THERESA May must hit Putin’s regime “in the pocket” by targeting dirty Russian money being secretly funnelled through Scotland, MPs and campaigners demand today.

The call comes as police launched a murder inquiry into the death of another prominent critic of the Russian President and as a diplomatic war of words broke out between London and Moscow.

As Russians go to the polls tomorrow to elect their president – Vladimir Putin is expected to win easily – Downing Street awaits the Kremlin’s retaliation to the UK’s sanctions over Salisbury.

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At Westminster, the SNP’s Alison Thewliss said the chemical attack in Wiltshire had “drawn into focus Russian interference in UK life and politics” and that for some time now there had been evidence of illicit Russian money being laundered under cover of a tangled web of financial products.

“The Sanctions and Anti Money-Laundering Bill currently going through Parliament is an opportunity for the UK Government to crack down on the scourge of Russian money laundering via Scottish Limited Partnerships[SLPs] and similar structures in England,” declared the Glasgow MP.

Noting how the Prime Minister in her Commons statement earlier this week had mentioned the need to tackle dirty money, Ms Thewliss said: “She must now bring forward amendments to the bill to tackle this scandal.

“If the UK Government miss this chance, this sends out the message to Russia that they aren’t serious. We cannot afford to ignore Russian money laundering on our doorstep any longer. “It’s time to hit Putin and his cronies in the pocket.”

READ MORE: Detective no longer critical as probe continues after Salisbury attack

Jackie Baillie, Scottish Labour's Economy Spokeswoman, pointed out how there had been numerous warnings about SLPs but the Conservative Government had failed to take proper measures.

"It must immediately take action on them and close these tax loopholes to ensure that no one is using Scotland to avoid paying tax or hiding murky enterprises," insisted the MSP for Dumbarton.

Tory MP Luke Graham stressed how Mrs May was committed to toughening up the anti-money laundering legislation and welcomed the UK Government’s work with the police and the finance sector “on ways to improve the action we take against money-laundering”.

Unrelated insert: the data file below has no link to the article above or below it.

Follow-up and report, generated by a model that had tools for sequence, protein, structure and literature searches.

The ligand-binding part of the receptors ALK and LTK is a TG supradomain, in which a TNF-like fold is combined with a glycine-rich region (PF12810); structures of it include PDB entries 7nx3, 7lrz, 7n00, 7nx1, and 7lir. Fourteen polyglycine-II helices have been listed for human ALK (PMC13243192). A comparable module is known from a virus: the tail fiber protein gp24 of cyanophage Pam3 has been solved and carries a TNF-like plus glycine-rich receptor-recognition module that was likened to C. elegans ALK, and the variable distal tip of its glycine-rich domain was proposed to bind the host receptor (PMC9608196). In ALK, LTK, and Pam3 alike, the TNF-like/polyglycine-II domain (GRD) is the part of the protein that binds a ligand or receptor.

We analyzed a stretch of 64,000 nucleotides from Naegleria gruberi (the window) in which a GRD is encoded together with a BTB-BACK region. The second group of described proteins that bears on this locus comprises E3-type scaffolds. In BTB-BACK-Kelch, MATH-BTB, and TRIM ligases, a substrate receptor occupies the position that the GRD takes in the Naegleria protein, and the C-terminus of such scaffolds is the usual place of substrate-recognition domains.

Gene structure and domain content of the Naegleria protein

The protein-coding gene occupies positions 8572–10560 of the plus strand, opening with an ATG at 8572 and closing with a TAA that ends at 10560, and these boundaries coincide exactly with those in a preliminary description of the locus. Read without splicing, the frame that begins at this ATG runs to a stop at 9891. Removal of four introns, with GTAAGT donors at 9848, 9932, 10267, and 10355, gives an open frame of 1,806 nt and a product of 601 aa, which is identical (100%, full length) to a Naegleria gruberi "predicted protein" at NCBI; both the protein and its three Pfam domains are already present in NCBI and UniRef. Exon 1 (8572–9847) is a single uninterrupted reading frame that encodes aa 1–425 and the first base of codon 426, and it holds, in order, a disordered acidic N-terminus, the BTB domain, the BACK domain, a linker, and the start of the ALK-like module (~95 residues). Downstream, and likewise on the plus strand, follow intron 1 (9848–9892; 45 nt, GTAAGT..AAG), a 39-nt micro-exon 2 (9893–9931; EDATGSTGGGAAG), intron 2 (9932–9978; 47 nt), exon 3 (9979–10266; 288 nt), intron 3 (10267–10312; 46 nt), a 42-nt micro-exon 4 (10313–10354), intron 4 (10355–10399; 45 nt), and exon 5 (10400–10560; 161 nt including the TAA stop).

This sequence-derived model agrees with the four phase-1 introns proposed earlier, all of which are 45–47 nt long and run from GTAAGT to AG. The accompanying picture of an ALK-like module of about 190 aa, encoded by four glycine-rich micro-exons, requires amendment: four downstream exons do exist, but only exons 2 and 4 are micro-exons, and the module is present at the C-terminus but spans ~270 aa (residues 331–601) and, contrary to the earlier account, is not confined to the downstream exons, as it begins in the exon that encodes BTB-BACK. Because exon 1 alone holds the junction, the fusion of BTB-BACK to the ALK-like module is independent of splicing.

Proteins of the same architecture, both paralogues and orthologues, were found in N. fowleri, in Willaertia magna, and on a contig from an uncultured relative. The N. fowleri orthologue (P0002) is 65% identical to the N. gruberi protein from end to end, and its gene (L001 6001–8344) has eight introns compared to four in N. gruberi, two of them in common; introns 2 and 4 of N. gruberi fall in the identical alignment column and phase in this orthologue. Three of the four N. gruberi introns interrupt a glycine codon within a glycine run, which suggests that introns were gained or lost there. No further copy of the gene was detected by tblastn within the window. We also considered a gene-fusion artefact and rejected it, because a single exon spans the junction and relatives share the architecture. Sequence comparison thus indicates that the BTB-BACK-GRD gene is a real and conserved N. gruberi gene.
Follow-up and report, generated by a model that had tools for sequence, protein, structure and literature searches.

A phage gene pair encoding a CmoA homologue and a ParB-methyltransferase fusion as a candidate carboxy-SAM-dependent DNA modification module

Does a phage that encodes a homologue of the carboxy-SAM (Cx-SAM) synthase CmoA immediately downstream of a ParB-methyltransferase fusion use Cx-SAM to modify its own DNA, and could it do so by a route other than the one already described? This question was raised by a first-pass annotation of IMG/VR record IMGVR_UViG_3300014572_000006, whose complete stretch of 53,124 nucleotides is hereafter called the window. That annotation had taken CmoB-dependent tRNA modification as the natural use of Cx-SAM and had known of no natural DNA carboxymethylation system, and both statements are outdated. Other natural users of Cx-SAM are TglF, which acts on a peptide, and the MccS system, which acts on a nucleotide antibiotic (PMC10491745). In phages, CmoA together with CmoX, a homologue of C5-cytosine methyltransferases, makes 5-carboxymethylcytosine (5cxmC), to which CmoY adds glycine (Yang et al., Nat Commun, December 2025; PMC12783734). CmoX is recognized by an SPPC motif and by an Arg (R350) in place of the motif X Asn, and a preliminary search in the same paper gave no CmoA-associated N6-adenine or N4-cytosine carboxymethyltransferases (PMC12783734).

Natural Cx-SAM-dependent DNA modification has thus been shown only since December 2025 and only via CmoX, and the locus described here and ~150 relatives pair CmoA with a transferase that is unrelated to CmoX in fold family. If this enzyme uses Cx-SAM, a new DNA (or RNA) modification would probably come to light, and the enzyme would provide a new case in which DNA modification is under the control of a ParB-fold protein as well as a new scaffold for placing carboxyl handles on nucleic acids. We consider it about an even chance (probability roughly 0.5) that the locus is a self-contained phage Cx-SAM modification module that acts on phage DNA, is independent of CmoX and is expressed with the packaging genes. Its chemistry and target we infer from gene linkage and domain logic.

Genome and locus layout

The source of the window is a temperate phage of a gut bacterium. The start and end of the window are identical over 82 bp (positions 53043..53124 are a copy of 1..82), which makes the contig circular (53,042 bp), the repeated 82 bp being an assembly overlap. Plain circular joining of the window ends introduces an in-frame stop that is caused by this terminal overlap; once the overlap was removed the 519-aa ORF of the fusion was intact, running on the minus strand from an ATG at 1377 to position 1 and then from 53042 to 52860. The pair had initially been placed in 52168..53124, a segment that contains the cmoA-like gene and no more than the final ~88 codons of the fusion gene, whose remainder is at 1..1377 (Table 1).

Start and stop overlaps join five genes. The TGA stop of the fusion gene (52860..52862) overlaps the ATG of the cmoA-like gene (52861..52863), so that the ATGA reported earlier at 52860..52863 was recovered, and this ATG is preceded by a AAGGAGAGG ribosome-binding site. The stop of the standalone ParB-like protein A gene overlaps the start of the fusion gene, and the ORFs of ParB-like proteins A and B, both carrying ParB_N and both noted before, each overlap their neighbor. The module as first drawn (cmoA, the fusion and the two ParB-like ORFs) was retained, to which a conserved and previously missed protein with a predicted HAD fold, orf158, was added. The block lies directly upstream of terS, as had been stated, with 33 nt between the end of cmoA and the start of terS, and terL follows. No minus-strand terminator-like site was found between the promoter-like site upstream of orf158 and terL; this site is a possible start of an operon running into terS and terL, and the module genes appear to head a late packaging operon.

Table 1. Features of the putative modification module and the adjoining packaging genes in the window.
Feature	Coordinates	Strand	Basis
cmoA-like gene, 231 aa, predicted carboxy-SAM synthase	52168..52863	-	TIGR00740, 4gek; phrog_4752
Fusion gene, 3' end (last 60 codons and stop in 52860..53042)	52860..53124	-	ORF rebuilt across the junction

Meanwhile, Duncan Hames, Director of Policy at Transparency International UK, the anti-corruption body, called for “serious action” from the UK Government to rid the country of dirty money from overseas.

He said: “It is clear London has routinely been the choice destination for Russians with suspicious wealth to move and they have had little trouble doing so, taking advantage of lax regulation and offshore secrecy. To help combat this the UK needs to accelerate the much-delayed plans for a public register of the real owners of overseas companies owning UK property.”

Last night, Scotland Yard announced it had launched a murder inquiry into the death of Nikolay Glushkov, a prominent Putin critic, after a post mortem suggested the 68-year-old businessman had been strangled at his home in south London, where he had lived for the past two years.

READ MORE: Death of Putin critic Nikolay Glushkov probed as police treat case as murder

The police stressed that “at this stage” there was nothing to suggest any link to the attempted murders by chemical agent in Salisbury nor was there any evidence of poisoning but the Met revealed the inquiry was being led by the Counter-Terrorism Command "because of the associations Mr Glushkov is believed to have had".

The retired financial director was a close friend of Boris Berezovsky, another Putin critic, dubbed "Vladimir Putin's personal enemy No 1". He was found hanged in the bathroom of his Berkshire home in 2013. An inquest recorded an open verdict.

At the time, Mr Glushkov said he would "never believe" the 67-year-old Russian oligarch had taken his own life.

Mr Berezowsky was also a friend of former spy Alexander Litvinenko, who was murdered in 2006. He was poisoned by ingesting polonium, a radioactive element. A public inquiry concluded he had been murdered by the Russian state, probably under the direct orders of Mr Putin.

Earlier this week, Amber Rudd, the Home Secretary, announced that MI5 and the police would reinvestigate a string of deaths on UK soil following claims of Russian involvement.

Buzzfeed, the news website, has highlighted 14 suspicious deaths that have been linked to Russia by spy agencies.

As Mrs May and her colleagues awaited Moscow’s response to the UK sanctions, which include expelling 23 Russian diplomats, Boris Johnson turned up the rhetorical heat by claiming it was "overwhelmingly likely" that Mr Putin had personally ordered the use of a nerve agent in the attack on the former double agent Sergei Skripal and his daughter Yulia.

The Kremlin issued a scathing response, branding the Foreign Secretary’s remarks “shocking and unpardonable diplomatic misconduct".

Alexander Yakovenko, Russia's ambassador to London, claimed the UK Government was using the Salisbury poisoning case simply to divert attention from Brexit.

He said Britain had put its weight behind an "anti-Russian campaign" as it tried to establish a new place for itself within Western society after EU withdrawal.

In London, Mrs May received phonecalls from Malcolm Turbull, the Australian Prime Minister, Paolo Gentiloni, the Italian premier, and Donald Tusk, the European Council President, all affirming their “full support and solidarity” with Britain.

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In a separate development, Downing Street confirmed the PM had formally invited the Organisation for the Prohibition of Chemical Weapons to come to the UK to verify the Government’s analysis of the nerve agent used in the Salisbury attack.

A spokesman said: “Discussions are ongoing on the precise timing but we expect the process to begin imminently.”